Light condition experienced by parent plants influences the response of offspring to light via both parental effects and soil legacy effects

Wei Xue, Lin Huang, Fei Hai Yu* (Corresponding author), T. Martijn Bezemer

*Corresponding author for this work

Research output: Contribution to journal/periodicalArticleScientificpeer-review

9 Citations (Scopus)
20 Downloads (Pure)

Abstract

Environmental conditions experienced by parent plants can influence offspring performance through parental effects induced by DNA methylation. The offspring can also be influenced by environmental conditions experienced by their parents via soil legacy effects due to plant-mediated changes in the composition of soil microbes. These two effects are likely to act simultaneously, but empirical evidence for combined effects is limited. We conducted a two-phase experiment with five genotypes of a clonal plant Hydrocotyle vulgaris. In the first phase, we grew parent plants of each genotype under two light conditions (ambient vs. shade) and two DNA demethylation treatments [treated with water vs. 5-azacytidine (5-azaC)]. We then collected soils and clonal offspring for each genotype from each of these four treatments and measured soil (a)biotic properties. In the second phase, we grew the offspring from each of the four treatments in the four different soils, under the two light conditions. When grown under ambient light condition and in soil from ambient parents, offspring produced by ambient parents grew larger than offspring produced by shaded parents when the parents were treated with water. This difference was smaller when the parents were treated with 5-azaC, and disappeared when the offspring were grown in soil from shaded parents. The growth difference was also observed when the offspring were grown under shaded condition and in soil from shaded parents. However, this difference was greater when the parents were treated with 5-azaC, and disappeared when the offspring were grown in soil from ambient parents. Moreover, offspring growth was associated with fungal composition and total phosphorus of the soil in which the parents had grown. Our results show, for the first time, that light condition experienced by parents can influence offspring responses to light through both parental effects and soil legacies. The parental effects were mediated by changes in DNA methylation and the soil legacies were due to plant-mediated changes in a combination of soil biotic and abiotic properties. These impacts may eventually influence the ecological and evolutionary trajectories of clonal plant populations. Read the free Plain Language Summary for this article on the Journal blog.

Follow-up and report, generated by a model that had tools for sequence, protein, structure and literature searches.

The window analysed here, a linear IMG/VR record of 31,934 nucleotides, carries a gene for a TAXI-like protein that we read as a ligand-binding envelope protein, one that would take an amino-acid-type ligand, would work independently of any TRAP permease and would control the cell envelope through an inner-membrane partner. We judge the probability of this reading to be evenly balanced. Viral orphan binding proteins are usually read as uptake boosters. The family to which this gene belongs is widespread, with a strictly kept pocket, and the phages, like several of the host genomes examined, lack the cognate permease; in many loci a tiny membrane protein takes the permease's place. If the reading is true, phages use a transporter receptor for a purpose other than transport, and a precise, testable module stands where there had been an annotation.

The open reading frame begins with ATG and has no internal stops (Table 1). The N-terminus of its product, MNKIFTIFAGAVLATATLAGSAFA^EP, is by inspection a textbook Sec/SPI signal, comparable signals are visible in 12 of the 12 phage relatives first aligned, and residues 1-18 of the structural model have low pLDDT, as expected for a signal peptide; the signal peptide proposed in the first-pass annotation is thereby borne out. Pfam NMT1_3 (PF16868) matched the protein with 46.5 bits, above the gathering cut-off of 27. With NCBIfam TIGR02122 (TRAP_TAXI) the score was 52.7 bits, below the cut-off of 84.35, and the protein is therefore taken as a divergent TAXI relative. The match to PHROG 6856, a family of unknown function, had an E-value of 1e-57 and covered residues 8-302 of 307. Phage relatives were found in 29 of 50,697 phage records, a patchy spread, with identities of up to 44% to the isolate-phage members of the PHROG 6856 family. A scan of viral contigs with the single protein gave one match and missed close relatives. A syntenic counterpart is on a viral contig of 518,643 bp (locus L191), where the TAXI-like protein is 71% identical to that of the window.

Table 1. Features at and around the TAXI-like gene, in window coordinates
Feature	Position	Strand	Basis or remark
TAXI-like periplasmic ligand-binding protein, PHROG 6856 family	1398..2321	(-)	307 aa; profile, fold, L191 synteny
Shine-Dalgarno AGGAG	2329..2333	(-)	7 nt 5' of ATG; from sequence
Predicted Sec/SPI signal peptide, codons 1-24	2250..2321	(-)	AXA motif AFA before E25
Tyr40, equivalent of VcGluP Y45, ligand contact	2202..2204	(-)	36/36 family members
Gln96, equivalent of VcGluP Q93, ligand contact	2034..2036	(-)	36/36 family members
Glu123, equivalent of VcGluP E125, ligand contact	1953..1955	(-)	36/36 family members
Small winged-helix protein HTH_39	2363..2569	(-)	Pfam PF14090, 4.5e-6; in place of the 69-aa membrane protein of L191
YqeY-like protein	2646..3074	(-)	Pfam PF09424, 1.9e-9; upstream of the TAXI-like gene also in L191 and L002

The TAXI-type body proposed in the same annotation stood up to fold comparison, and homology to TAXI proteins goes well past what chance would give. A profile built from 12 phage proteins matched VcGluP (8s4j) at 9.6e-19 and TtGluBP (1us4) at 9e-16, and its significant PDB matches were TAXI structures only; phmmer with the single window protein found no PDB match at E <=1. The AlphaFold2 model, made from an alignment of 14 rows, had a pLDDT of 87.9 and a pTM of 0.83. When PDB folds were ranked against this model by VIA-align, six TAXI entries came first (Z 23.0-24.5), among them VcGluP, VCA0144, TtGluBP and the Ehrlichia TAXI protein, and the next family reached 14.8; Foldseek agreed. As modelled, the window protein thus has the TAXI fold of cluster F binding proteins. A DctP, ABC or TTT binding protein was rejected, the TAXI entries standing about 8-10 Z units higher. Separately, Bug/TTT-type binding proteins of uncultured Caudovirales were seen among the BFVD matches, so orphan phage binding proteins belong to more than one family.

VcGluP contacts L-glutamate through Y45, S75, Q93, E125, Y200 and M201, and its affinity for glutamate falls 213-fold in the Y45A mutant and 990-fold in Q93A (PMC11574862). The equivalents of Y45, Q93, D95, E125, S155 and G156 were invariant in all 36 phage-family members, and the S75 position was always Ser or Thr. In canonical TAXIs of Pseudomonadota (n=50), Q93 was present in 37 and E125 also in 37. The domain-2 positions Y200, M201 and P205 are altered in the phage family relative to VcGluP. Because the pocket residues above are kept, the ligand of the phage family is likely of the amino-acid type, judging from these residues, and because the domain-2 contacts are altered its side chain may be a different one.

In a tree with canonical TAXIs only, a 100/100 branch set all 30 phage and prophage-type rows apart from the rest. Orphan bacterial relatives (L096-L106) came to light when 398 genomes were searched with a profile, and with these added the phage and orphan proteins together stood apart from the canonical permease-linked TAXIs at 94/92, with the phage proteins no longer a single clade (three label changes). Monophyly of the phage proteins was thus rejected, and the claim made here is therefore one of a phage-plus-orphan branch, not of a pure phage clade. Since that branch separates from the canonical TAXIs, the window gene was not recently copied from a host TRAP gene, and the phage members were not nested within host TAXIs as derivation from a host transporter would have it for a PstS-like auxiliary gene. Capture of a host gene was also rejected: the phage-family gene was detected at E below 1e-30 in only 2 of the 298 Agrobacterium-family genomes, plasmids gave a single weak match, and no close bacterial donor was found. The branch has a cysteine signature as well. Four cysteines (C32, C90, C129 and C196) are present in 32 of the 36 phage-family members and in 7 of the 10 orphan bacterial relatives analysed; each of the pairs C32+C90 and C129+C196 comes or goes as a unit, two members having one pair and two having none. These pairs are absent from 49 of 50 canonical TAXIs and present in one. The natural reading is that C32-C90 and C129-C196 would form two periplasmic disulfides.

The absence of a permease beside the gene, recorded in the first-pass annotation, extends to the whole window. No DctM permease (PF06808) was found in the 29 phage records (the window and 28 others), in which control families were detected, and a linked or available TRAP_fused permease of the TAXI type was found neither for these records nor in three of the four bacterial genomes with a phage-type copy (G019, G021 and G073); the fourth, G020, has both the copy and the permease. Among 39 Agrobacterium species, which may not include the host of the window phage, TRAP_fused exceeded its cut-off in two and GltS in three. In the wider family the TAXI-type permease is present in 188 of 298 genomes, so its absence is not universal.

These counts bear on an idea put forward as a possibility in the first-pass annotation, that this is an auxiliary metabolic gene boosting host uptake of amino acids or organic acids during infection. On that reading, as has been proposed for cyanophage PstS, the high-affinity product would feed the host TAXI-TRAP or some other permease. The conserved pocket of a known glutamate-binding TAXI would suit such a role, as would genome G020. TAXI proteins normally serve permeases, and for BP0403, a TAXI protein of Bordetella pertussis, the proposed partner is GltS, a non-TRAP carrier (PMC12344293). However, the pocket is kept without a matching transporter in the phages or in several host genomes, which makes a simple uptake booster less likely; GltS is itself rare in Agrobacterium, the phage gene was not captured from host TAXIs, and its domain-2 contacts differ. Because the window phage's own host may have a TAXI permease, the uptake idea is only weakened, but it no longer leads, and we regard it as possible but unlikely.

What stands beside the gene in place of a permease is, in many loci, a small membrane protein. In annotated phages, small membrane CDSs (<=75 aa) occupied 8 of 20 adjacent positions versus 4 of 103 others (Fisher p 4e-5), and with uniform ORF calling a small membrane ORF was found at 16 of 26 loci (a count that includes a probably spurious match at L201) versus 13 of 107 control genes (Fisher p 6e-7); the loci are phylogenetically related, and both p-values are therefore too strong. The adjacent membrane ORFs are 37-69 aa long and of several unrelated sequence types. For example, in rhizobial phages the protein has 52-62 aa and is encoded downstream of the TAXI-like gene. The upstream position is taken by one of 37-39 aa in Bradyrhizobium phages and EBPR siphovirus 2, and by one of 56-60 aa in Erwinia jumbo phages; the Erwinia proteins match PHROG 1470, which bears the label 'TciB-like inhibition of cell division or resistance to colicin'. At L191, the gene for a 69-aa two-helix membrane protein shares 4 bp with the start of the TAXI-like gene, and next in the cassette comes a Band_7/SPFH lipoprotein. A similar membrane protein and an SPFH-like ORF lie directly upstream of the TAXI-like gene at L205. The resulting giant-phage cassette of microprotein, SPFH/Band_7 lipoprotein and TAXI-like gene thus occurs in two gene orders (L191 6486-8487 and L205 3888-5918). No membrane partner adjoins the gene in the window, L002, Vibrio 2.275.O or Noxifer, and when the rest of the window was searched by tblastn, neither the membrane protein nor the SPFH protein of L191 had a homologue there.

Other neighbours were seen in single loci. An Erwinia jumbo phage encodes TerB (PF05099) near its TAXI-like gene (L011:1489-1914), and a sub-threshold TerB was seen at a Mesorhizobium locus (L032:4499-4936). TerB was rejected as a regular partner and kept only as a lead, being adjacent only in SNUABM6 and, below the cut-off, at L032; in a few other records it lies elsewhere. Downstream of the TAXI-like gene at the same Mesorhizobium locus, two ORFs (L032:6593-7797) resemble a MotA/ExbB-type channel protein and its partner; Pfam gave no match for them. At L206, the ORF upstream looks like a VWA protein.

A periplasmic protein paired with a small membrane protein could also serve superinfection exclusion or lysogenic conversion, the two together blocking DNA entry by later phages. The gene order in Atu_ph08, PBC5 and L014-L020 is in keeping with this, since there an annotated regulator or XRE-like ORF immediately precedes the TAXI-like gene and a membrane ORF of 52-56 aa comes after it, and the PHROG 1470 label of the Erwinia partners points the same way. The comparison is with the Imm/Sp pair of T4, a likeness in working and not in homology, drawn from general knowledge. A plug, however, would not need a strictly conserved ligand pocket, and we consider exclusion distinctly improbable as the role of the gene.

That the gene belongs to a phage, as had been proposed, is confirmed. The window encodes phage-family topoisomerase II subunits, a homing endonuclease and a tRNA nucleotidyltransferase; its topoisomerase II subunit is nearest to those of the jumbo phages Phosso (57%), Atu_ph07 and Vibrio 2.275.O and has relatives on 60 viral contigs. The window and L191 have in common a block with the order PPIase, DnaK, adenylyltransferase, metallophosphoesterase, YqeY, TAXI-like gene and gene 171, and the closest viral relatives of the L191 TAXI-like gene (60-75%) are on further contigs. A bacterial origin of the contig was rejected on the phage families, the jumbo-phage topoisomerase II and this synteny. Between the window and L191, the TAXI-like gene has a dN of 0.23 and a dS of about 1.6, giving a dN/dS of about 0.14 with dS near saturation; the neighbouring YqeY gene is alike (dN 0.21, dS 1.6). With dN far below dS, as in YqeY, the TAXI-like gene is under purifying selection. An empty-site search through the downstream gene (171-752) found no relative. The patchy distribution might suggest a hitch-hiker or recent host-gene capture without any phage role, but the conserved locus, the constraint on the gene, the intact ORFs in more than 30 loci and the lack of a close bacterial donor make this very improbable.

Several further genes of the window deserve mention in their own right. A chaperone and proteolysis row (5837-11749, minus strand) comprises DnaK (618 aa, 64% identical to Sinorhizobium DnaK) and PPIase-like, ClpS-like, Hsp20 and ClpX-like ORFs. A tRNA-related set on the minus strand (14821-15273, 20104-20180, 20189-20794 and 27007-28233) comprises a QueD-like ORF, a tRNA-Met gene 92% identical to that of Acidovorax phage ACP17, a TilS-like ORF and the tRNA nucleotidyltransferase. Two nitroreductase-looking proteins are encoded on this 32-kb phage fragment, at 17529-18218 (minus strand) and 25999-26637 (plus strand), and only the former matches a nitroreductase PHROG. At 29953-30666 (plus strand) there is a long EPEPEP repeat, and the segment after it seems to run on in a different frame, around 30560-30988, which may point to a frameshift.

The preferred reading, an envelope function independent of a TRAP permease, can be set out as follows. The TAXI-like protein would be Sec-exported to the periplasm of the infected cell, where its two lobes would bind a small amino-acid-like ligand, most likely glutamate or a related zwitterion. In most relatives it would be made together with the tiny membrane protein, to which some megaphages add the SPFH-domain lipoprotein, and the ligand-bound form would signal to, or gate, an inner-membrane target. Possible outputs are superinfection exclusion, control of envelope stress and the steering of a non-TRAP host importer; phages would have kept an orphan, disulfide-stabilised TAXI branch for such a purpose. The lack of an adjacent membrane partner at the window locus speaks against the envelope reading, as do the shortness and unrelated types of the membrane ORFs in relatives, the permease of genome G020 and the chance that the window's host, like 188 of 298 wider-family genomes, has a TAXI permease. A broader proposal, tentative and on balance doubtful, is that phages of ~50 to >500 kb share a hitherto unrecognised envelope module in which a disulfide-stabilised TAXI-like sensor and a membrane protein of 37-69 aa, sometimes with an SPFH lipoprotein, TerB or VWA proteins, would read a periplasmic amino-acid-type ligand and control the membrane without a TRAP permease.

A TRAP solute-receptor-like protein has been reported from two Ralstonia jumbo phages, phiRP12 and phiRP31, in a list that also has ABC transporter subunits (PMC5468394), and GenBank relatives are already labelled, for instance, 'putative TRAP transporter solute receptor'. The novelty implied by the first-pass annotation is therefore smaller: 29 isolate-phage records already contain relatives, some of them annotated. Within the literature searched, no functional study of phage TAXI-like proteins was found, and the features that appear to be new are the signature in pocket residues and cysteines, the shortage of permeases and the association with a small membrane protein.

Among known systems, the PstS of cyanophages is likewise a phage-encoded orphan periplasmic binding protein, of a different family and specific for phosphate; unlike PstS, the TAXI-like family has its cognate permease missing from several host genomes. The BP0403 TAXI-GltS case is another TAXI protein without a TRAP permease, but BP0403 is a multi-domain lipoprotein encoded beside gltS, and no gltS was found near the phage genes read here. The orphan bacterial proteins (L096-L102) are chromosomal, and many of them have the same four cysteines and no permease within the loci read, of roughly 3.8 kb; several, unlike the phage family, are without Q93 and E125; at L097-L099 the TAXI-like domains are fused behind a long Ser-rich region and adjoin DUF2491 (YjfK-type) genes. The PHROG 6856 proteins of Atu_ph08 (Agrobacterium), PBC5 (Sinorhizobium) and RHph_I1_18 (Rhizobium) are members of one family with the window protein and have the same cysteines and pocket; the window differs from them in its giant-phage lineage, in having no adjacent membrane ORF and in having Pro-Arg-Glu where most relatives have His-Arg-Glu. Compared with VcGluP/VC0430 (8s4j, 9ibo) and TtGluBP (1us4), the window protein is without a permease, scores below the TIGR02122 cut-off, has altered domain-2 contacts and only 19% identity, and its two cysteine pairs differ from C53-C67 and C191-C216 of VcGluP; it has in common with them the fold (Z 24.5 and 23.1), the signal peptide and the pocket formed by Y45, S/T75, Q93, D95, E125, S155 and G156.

Original languageEnglish
Pages (from-to)2434-2444
Number of pages11
JournalFunctional Ecology
Volume36
Issue number10
DOIs
Publication statusPublished - Oct 2022

Keywords

  • clonal plant
  • DNA demethylation
  • legacy effect
  • paternal effect
  • plant–soil (below-ground) interactions
  • soil fungi
  • transgenerational effect

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